Most women's economic well-being is negatively affected after getting divorced, but women with children are more likely to financially recuperate than childless women, according to new research that took the first comprehensive look at how family size affects the economic gaps created by divorce.
The new study, published in Social Science Research, used the data of 13,399 divorced women ages 18 to 30, sourced from the U.S. Panel Study of Income Dynamic; the British Household Panel Study; the German Socio-Economic Panel Study; and the Household, Income and Labour Dynamics in Australia Survey to estimate the changes in the household incomes of mothers and childless women up to six years following a divorce. Households with children were also further stratified to look at mothers with one child, two children, or three or more children.
"There's an academic debate that has a broader social relevance on whether divorce represents a crisis event or a chronic struggle," said Zachary Van Winkle, an assistant professor of sociology at the University of Oxford. "If it's a crisis that's only experienced for one or two years, then it's easier for social policy to mitigate those short-term effects, but if it's really a chronic ordeal for women, then it's important for social scientists and policymakers to know about that."
The countries included in the study had different levels of economic well-being for women prior to divorce, but in all cases, the women suffered economic losses following divorce. In the first year following a divorce, the incomes of both mothers and women without children dropped by about 60%. Mothers, however, started with incomes that were 20% lower than childless women because they were less likely to work full time while married.
That meant that when it came time to enter the workforce as newly divorced women, mothers had more room to grow their earnings to the same levels as childless women. They also may have been further incentivized to work because they had more dependents, according to Van Winkle.
"It was somewhat surprising to see that women with many children were more likely to recuperate, but following divorce, women increase their labor market participation quite a bit so it's, of course, more difficult to increase your participation if you're already working full time, as many childless women do," he said.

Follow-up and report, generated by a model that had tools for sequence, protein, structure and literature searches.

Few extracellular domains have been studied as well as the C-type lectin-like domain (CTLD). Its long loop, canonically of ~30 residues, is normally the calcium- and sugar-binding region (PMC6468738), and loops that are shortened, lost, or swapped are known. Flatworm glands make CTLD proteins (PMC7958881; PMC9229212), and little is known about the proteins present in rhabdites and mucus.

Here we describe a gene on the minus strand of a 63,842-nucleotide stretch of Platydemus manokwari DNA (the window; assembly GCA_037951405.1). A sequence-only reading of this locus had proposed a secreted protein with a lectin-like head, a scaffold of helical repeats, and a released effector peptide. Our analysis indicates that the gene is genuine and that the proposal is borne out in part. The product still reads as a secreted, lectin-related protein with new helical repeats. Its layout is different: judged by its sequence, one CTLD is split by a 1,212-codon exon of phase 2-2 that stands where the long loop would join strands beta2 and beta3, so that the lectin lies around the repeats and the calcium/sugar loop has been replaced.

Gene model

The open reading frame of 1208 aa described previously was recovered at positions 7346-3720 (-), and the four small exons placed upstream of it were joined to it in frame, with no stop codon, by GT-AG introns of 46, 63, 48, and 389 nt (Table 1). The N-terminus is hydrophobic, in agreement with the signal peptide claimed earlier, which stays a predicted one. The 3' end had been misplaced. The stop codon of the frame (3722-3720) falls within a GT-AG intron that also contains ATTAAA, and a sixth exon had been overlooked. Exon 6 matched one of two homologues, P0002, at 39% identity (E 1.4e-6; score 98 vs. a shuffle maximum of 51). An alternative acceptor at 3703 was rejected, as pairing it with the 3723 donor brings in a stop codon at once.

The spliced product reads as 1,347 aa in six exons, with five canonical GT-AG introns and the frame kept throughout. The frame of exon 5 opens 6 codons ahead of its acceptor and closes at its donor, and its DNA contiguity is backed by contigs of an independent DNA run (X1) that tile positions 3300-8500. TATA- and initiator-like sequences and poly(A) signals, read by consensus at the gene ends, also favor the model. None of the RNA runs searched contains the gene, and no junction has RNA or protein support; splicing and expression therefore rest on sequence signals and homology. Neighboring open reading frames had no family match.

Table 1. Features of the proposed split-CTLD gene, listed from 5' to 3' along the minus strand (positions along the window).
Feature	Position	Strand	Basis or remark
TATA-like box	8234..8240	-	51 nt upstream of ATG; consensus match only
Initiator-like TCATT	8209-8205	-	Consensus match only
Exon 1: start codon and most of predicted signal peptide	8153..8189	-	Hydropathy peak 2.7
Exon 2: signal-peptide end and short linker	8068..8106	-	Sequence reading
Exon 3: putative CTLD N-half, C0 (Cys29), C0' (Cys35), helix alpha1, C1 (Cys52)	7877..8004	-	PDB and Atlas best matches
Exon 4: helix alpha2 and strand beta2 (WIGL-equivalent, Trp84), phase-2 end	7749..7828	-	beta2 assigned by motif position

Women earn an average of 84% of what men make, according to the United Nations, and divorce has been shown to decrease women's household incomes and increase their risk of poverty. Women are also more likely to retain custody of children after a divorce, and the likelihood of financial hardship is only increased when there are more people in the home to care for — though mothers are better able to financially recover from divorce than childless women.
Immediately following divorce, the dip in household income is similar for childless women and mothers with one or two children. For mothers with three or more children, income fell by 70%, leading to a marked difference in the poverty experienced by women with more children. These women do see a modest recuperation, from approximately 70% to 65%, relative to one year before their divorces. Childless women, however, typically have stagnant incomes for years after they divorce.
The research showed that while childless women's incomes don't recover six years after divorce, women and children were more likely to recover in countries with greater social safety nets, such as Australia, which Van Winkle noted has "more generous income transfers than a lot of liberal countries like the U.S. and U.K."
The difference in income loss between mothers and childless women in the United States and other countries is stark. Childless women's incomes decreased by about 40% in Germany and 60% in the U.K., whereas mothers' incomes decreased by at least 20 percentage points more. The loss in income is similar for both groups of women in the United States, but American women are less likely to recover after six years than are women in either nation. In Germany, women experience a 60% drop in income after divorce but recover to only a 40% drop within six years; in the U.K., women see an 80% drop in income that recovers to a 30% shortfall within six years; and in Australia, income recovers from 60% to 40% of predivorce levels within six years.
The lack of previous research on the role that household size plays on women's economic welfare following divorce was surprising to Van Winkle, who said he pursued the topic because of the clear social problems involved: Mothers facing economic hardship are more likely to have children who face health problems, reduced educational and occupational attainment, and more.
"It's important to know that larger families are more vulnerable to the economic consequences of divorce and that means that more children are being exposed to severe economic consequences than what we'd expect," Van Winkle said.
The study "Family size and economic wellbeing following divorce: The United States in comparative perspective," published March 15 in Social Science Research, was authored by Zachary Van Winkle, University of Oxford; and Thomas Leopold, University of Cologne.